Got another wirework tutorial for you- this one doesn't take much wire, and requires only minimal skills- it's pretty forgiving, thanks to the use of hammers. (Yeah, I really do have a thing for hammering!) These earrings are very kinetic- lots of movement, and any color of wire will do.
Get your tools and wire ready- these are fast, fun, and easy!
To make this project, you're going to need-
Flush cutters or wire nippers
Nylon jawed pliers
Flat chain nose pliers
Round nose pliers
Bent nose pliers (optional, but they do make things easier)
Needle nose pliers without teeth (optional)
Anvil or bench block
Ball peen hammer
2- 5" lengths of 18 or 20 gauge wire (for large leaves)
2- 3 1/4" lengths 20 gauge wire (for small leaves)
2- 1" lengths 20 gauge wire (for bead pins)
2- 1 3/4" or 2" lengths 20 gauge wire (for earwires- smaller for the simple wire, longer for beaded earwires)
2- 1/4"-3/8" beads
2- 4mm or smaller coordinating beads for earwires, if using
Let's get started!
First, make a "P" loop on one end of the 5" wire- grab the tail-end of the wire with your chain nose pliers to start it, then use your round nose pliers to continue the loop. (This makes the curl tidier and rounder, where it will meet the main wire.) Don't center it.
Next, measure 2" from the neck of the loop- this is where you're going to make a sharp "V". I'd highly recommend crimping your V from both sides of the wire- for some reason, this always makes a cleaner bend, and holds shape better when you're doing the rest of the shaping.
Shape a curve in the looped side of the wire with your fingers. Then shape a matching curve in the other side, leaving the end mostly straight.
Measure about about 7/8" from the unlooped end, and bend the wire around the frame, just below the looped end. Make 2 wraps around the body of the leaf, and pull the wire end towards the center of the top of the leaf.
It's time to make a hanging loop for your next leaf- use your round nosed pliers to roll a loop up with that wire end.
Nip off any excess wire, and tidy up your leaf.
Now repeat the process, and make a second one. You might want to create your wraps in the opposite direction to the first- I'd recommend doing so with your second set of leaves, too, so that you have a symmetrical pair.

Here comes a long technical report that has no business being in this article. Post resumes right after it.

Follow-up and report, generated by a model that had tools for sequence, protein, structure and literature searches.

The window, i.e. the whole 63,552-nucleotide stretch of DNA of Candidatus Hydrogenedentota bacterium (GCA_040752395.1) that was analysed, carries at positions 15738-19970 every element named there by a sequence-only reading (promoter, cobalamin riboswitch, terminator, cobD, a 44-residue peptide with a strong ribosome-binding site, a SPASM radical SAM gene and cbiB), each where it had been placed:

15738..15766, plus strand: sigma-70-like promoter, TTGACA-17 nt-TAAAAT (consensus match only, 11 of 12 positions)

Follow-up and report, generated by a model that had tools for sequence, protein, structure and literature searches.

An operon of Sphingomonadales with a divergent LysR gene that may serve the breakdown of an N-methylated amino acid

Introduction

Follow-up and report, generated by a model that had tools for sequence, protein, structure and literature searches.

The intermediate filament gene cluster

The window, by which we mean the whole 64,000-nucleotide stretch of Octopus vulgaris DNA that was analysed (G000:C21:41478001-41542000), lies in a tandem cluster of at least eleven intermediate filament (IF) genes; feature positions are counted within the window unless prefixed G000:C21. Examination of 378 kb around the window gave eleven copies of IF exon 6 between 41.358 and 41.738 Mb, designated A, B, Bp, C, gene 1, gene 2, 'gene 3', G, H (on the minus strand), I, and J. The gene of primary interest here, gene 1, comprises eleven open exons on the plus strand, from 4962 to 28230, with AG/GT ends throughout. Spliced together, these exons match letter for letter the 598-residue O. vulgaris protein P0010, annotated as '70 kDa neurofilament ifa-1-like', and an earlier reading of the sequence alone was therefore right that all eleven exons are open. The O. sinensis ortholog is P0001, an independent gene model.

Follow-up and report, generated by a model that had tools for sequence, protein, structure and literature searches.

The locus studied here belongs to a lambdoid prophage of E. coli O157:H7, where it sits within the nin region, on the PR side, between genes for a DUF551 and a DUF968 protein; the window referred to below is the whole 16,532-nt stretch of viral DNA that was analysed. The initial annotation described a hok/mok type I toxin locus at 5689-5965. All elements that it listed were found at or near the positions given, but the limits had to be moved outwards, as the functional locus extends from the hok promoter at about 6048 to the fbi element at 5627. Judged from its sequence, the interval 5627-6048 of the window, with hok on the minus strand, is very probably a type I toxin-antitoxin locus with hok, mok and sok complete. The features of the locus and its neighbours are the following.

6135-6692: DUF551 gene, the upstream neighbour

For the smaller set of leaves- the only differences are the set of the top loop, and the measurements.
So, take a 3 1/4" length of 20 gauge, and make a centered loop, like so:
Cant the loop to one side, at about a 45 degree angle to the main body of the wire, so that it looks like this:
Measure out 1" down the wire from the neck of the loop- this is where you'll make your V. Proceed as you did with the larger leaves, but measure your tail end at about 3/4" from the end. Make your centered loop inside of the leaf just like before. Lay them out and have a look at the shapes and the directions of the wraps, and make adjustments as needed. Look good? (Ha, you can see, on the right, where I didn't crimp the V on both sides, in the small leaf. Makes a difference, doesn't it?)
Ok, hammer 'em! I used a ball peen hammer's rounded end, because frankly, you can hide a lot of wireworking sins with hammering. (I tend to gouge wires, make imperfect shapes, etc. It's OK. I can live with that. Because I have hammers.) When hammering these, avoid the necks of your wraps, but do hammer the sides and bottom V's. I also tapped the loops, using the little peg-thingy on my anvil, to help disguise the marks that I made with the round nosed pliers (I grabbed the wires too tight!), and to strengthen them.
Now you have a pile of beaten, fallen leaves! Don't they look nicer?
Tidy them up with your nylon jaw pliers, so your pretty hammer marks don't get marred. You can also give them a slight curve, if you wish- I bowed mine slightly, so that the facing sides rounded outwards just a bit. This is also a good time to straighten up your top loops, etc. With the nylon jaws, you can crimp them down nice and neat, so the loops are flat to the rest of the leaf, with no worries!